UPDATE ON BLUE MOLD
--Pennsylvania: Blue mold was found growing in several tobacco fields in the Christiana area of eastern Lancaster County two weeks ago. It has since been found at low levels in other areas as well. At this point, the incidences don't appear to be cause for much concern. "With the recent hot dry weather, it should not spread very quickly," says Jeff Graybill, Pennsylvania agronomy Extension educator. "But fields should continue to be closely monitored, and in many cases a protective spray should beapplied." It was found on burley. "But I would imagine that in some cases, fields of the other types--especially PA type 41 wrapper tobacco--should be sprayed," he says.
--Virginia: "We know of three cases of blue mold in central Virginia, all within 20 miles," says Chuck Johnson, Virginia Extension plant pathologist. "Hopefully, we'll not see any more. But we're watching. Many fields are at or are approaching topping, at which point leaves become less susceptible as they thicken and ripen."
--Tennessee: Blue mold was found in Carter County, Tn., in the northeast part of the state bordering North Carolina, on July 2, according to Melody Rose, Tennessee Extension agent in nearby Greene County. "That was actually during a dry spell when you don't expect blue mold," she says. Since then, a few spots have appeared here and there, usually in shady areas or by rivers. None appear threatening now, Rose believes, but topping is still a way off in east Tennessee.
DATES TO REMEMBER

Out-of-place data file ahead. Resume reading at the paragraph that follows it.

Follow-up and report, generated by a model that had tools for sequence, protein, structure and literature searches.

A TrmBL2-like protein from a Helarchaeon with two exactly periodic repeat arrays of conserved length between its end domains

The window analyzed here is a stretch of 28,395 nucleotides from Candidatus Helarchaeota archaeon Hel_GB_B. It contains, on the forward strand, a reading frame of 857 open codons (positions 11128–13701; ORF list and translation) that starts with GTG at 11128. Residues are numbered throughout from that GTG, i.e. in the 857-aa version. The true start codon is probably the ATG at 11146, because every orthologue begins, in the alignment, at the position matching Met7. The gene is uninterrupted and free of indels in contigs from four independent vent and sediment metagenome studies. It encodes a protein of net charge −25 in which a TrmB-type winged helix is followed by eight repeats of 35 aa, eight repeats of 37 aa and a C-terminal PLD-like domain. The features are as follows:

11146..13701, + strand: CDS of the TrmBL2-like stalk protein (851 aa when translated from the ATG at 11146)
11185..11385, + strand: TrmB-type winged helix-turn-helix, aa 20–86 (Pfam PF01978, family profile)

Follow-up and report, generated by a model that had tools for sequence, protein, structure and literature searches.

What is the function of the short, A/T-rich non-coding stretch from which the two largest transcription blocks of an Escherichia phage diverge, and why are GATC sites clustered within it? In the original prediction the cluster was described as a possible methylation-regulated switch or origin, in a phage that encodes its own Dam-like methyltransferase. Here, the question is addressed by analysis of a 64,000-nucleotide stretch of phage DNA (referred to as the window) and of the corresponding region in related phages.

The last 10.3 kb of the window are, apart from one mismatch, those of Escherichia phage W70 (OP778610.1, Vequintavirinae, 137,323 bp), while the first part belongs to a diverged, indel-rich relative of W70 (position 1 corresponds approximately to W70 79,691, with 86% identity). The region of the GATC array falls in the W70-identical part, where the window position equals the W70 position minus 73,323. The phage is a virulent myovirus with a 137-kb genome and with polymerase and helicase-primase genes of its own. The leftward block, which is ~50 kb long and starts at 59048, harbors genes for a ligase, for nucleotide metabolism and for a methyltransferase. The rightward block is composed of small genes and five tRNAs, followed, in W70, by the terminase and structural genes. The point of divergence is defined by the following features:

- July 21. Tennessee Tobacco Tour, AgResearch Education Ctr., Greeneville, Tn. Registration and a trade show start at 3 p.m. Tours start at 3:30 p.m. and 5:30 p.m. with a sponsored dinner at 7 p.m. Contact: 423-638-6532.
- July 25-27. N.C. Tobacco Tour. Welcome reception begins at 6 p.m., Kings BBQ, Kinston, N.C., July 25. Tours begin July 26 at 8 a.m. (breakfast at 7:30 a.m.) at the Cunningham Research Station in Kinston and on July 27 at the Upper Coastal Plain Research Station in Rocky Mount at 8 a.m. (breakfast at 7:30 a.m.). Farm visits both days in the afternoon. The tour will end in Oxford around 5 p.m. To register, go to tobacco.ces.ncsu.edu.
- July 28. Corn, Soybean and Tobacco Field Day, University of Kentucky Research & Education Center, Princeton. Registration begins at 7 a.m. and tours run from 8 a.m. until noon. Sponsored lunch. Contact: Andy Bailey at 270-365-7541 Extn. 240.
- August 2. Annual Tobacco Research Field Day. Southern Piedmont AREC, Blackstone, Va. Registration begins at 5 p.m., followed by dinner. Tour will begin at 6 p.m. Contact: Margaret Kenny at 434-292-5331 or firstname.lastname@example.org.
- August 11. Tobacco Twilight Tour, Murray State University, Murray, Ky. Registration beginning at 5:30 p.m., followed by field tour and supper. Contact: Andy Bailey at email@example.com or 270-365-7541 Extn. 240.
- August 8-9. Burley Tobacco Research Tour in Central Ky. August 8: Begins at the Plant and Soil Sciences Field Lab., 3250 Ironworks Pike, Lexington Ky., at 1 p.m. Dinner at 5:30. August 9: 8 a.m.-2 p.m. tour of test plots on grower farms in surrounding counties. Contact: Bob Pearce at 859-257-5110.